Review Summary: Lengthening a song does not make it better.
Sylosis is a band that divides many opinions in the metal community, mainly because of the two sides arguing whether they are the new heralds of thrash metal or merely a metalcore band playing some fast riffs. This album is the third released by Sylosis and is one of the least interesting releases by them.
Looking down the track list for Monolith, one thing jumps out. Only two tracks on this is under 5 minutes long, the rest sitting around the 5-6 minute mark. First up on the record is ‘Out from Below’ which is seconds under the 7 minute mark. Whilst the instrumentals are interesting, it is the length of this song that is a major issue, making an average song drag and feel extremely overdone. Most of the riffs have that worn feel, as if the band is listening to old thrash metal records and trying to parallel the sound and riffs. The only issue with this is the fact that the riffs do not blend well together, leaving a listener feel like they’re trapped in a vortex of mismatched riffs and solos.
The mess of riffs is continually found throughout the album with the most annoying part being the interchanging atmospheric parts. The droning synth parts would be good as an introduction to a song, but when these are scattered in less than strategic places, they throw out the balance of a school. It is much the same with the clean guitar parts, which come up in most of the songs on the record. This is what brings the overall quality of this record down, the repetitiveness. As each song goes by, you can almost predict the outcome of each song. You know there’s a clean part coming around the corner; you can tell that the song will slow down; you can almost see the chugging riff that will end the song.
This is not to say that the riffs are technical, they are. They are not by any means untalented, nor irritatingly bland. It is the fact that most do not go together well at all. The solos are much the same, not blending or suiting the riffs as well as they could, as well as being dialled back strangely in the mix, rather than showing the slick soloing techniques that are demonstrated. The first few times that this happens, it felt out of place, but was not overly frustrating. However once this became a constant factor, it grew frustrating. It grates on the nerve to hear the solo that would add a desperately needed change.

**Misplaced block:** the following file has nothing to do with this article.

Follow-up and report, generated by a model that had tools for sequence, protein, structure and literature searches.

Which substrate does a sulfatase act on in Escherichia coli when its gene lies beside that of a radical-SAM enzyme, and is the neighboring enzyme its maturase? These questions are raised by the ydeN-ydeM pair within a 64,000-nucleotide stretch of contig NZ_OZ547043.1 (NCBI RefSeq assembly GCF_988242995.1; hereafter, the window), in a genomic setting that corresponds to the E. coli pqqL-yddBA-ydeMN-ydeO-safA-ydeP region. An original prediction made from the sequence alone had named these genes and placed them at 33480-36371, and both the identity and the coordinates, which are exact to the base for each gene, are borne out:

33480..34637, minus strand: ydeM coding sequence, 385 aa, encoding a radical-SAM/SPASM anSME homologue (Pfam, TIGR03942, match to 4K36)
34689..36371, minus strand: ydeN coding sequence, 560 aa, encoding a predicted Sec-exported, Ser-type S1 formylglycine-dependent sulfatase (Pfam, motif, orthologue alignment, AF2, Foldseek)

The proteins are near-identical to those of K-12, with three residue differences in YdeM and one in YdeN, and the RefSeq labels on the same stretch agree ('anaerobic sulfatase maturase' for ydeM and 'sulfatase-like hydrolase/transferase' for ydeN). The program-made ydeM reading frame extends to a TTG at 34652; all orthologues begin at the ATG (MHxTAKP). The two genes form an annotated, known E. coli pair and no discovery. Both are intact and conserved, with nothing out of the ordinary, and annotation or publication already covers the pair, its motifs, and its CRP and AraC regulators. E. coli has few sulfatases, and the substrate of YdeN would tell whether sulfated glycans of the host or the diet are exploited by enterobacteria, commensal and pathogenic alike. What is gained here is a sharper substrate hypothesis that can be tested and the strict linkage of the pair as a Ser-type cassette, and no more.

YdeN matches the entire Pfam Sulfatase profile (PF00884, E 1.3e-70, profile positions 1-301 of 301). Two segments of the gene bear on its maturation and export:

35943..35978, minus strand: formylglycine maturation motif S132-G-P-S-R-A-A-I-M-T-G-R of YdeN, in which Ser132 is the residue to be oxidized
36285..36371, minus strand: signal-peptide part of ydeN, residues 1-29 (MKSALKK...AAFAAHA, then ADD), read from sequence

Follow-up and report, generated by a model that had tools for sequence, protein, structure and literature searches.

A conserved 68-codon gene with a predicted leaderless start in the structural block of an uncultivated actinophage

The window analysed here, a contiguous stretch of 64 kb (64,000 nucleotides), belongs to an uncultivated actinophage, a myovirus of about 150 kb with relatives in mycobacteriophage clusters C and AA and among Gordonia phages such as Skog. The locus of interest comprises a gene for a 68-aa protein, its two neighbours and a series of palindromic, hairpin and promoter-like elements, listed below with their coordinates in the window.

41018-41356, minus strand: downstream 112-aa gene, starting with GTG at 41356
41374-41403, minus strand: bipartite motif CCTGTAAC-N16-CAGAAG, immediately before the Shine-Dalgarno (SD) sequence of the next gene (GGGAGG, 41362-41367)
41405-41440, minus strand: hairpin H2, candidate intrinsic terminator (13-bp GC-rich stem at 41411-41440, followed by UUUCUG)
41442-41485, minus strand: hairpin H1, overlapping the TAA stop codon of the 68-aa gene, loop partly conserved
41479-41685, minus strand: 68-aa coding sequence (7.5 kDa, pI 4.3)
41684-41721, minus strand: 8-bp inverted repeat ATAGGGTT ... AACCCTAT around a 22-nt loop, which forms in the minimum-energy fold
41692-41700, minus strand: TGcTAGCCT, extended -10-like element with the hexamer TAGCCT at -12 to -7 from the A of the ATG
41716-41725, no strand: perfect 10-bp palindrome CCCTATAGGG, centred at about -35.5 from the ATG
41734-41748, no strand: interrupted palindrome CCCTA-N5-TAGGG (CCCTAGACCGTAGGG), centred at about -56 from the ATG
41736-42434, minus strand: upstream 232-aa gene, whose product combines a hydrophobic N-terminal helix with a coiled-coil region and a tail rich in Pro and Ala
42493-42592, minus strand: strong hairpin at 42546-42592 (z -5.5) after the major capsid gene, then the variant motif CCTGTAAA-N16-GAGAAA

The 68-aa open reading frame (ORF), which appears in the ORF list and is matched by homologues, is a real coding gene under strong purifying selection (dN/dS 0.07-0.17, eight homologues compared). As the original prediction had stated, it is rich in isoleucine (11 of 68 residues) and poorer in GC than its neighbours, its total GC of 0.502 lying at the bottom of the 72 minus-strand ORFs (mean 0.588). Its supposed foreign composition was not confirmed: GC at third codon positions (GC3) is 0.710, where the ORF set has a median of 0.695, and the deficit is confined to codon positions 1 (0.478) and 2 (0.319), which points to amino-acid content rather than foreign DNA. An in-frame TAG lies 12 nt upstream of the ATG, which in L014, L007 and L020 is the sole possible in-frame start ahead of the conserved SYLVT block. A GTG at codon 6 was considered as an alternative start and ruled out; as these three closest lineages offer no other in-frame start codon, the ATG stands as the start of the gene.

The vocals are nothing spectacular; rather, they are nothing short of boring. Bland, mid range, throaty rasps that are visible in most –core bands puncture most of the songs. Sometimes these could almost be classed as shouts, but then the slip back into the dull ritual, the same bland vocal patterns that have been abused for the last decade.
The other instrumental parts in the band do come forward frequently, but do lack like most modern albums. The bass is inaudible for the most, completely drained out by the vocals, drums and guitars, which is extremely disappointing. Then again, so many modern records lack audible bass, so much so that it could be removed from the band and you would barely notice.
The drums here are excellent, the pinnacle of an otherwise average record. Whilst at times they sink into boring patterns, the fills and increases are grin worthy. However, there just isn’t enough of them and at times the bass drum just doesn’t have a fantastic hit to it, blending in with the snare. There
This record is simply average. There is no way to get around that fact, simply because the songs are mediocre yet not bad. However many songs would have been far more enjoyable if they were a minute or two shorter. If some more diversity was added in the vocals, perhaps it would just be that much better. Unfortunately, what we're left with is a incomplete canvas. Some pieces seem well constructed, whilst others seem disconnected and not relevant to the overall working of the painting.